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Neuropsychiatric Traits Associated with Refractory Impulse Control Disorder in Parkinson’s Disease

Authors
  • Choi, Ji-Hyun
  • Lee, Jee-Young
  • Jeon, Beomseok
  • Koh, Seong-Beom
  • Yoon, Won Tae
  • Lee, Ho-Won
  • Kwon, Oh Dae
  • Kim, Jae Woo
  • Kim, Jong-Min
  • Ma, Hyeo-Il
  • Kim, Hee Tae
  • Baik, Jong Sam
  • Cho, Jin Whan
Type
Published Article
Journal
Neurodegenerative Diseases
Publisher
S. Karger AG
Publication Date
May 26, 2020
Volume
19
Issue
5-6
Pages
171–177
Identifiers
DOI: 10.1159/000507447
PMID: 32454490
Source
Karger
Keywords
License
Green
External links

Abstract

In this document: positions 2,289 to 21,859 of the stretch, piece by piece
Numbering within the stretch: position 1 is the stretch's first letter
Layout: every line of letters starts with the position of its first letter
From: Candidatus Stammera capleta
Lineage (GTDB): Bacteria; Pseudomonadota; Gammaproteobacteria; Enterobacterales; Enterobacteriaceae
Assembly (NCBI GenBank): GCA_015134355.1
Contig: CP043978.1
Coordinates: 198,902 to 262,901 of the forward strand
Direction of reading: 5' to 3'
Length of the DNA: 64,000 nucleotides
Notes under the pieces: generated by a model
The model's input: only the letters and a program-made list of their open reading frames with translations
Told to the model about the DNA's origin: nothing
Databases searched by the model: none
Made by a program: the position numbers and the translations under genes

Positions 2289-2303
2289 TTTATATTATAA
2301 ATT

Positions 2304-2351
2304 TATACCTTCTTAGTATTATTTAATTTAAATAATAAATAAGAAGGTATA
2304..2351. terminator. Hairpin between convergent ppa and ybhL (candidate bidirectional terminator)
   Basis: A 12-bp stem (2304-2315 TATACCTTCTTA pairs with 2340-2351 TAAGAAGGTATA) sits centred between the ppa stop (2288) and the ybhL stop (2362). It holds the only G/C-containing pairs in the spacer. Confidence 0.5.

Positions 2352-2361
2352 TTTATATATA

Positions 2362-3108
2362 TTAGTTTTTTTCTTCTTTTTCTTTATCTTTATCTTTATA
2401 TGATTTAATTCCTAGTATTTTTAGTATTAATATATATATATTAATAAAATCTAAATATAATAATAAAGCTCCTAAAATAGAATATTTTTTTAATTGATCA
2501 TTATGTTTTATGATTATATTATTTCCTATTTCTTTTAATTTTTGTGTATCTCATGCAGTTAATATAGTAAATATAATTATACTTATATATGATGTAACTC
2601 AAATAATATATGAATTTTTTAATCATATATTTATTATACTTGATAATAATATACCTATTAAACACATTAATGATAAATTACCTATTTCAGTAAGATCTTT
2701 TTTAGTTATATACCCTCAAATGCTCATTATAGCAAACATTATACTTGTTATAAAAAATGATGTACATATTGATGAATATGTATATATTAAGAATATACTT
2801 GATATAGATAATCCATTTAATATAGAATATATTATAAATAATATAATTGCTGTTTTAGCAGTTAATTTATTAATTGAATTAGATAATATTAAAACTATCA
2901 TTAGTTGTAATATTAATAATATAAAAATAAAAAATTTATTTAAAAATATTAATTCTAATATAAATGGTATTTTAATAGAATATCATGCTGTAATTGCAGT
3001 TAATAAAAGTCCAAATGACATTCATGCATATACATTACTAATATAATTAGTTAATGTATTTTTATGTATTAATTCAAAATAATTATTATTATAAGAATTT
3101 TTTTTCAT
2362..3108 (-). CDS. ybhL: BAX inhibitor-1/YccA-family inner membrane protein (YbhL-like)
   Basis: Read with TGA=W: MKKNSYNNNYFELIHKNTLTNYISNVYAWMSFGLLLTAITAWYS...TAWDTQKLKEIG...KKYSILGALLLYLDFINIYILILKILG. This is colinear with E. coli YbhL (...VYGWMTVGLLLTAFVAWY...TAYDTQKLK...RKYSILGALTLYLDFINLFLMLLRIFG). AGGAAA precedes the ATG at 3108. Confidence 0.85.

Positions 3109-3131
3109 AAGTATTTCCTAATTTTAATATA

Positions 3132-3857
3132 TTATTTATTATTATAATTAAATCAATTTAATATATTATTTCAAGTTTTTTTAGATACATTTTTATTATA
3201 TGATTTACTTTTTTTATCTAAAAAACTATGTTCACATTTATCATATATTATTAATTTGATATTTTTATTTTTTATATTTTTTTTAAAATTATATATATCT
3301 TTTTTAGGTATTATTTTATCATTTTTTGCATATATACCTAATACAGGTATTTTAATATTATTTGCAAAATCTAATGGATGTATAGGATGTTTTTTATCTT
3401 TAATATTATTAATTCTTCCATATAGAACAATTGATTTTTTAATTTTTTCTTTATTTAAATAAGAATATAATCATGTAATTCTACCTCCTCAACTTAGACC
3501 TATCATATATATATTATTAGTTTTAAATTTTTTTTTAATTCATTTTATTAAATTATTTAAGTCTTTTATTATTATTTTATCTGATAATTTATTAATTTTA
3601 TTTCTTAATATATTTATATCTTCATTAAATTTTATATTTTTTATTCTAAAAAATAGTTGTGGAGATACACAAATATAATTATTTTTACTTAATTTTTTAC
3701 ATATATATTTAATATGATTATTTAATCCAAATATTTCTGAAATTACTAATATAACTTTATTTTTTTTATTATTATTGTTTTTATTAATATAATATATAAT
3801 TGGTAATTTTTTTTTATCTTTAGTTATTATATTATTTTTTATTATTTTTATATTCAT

Introduction: Impulse control disorder (ICD) in Parkinson’s disease (PD) is a critical nonmotor symptom with personality or neuropsychiatric traits contributing to ICD. Objective: This study aimed to identify predictive traits for persistent or paradoxical aggravation of ICD after dopamine agonist substitution therapy for ICD in PD. Methods: We conducted a case-control study using a database of a multicenter intervention trial for ICD in PD. The poor-outcome group was defined by showing paradoxical increases in ICD behaviors after the substitution of dopamine agonists with levodopa. We analyzed the pre-intervention personality traits associated with the poor outcome and also evaluated the risk traits for refractory ICD using a receiver-operating characteristic (ROC) curve analysis. Results: The poor-outcome group showed higher levels of anger expression (p =0.007) and obsessive-compulsive traits (p =0.009) compared with the good-outcome group at the pre-intervention state. In the ROC curve analysis, the Obsessive-Compulsive Inventory showed the highest area under the curve with 80.0% sensitivity and 74.3% specificity in discriminating against the poor-outcome group. Conclusions: Our results suggest that assessment of obsessive compulsiveness may be useful for predicting the refractoriness of ICD behaviors in planning an interventional treatment for ICD in PD.

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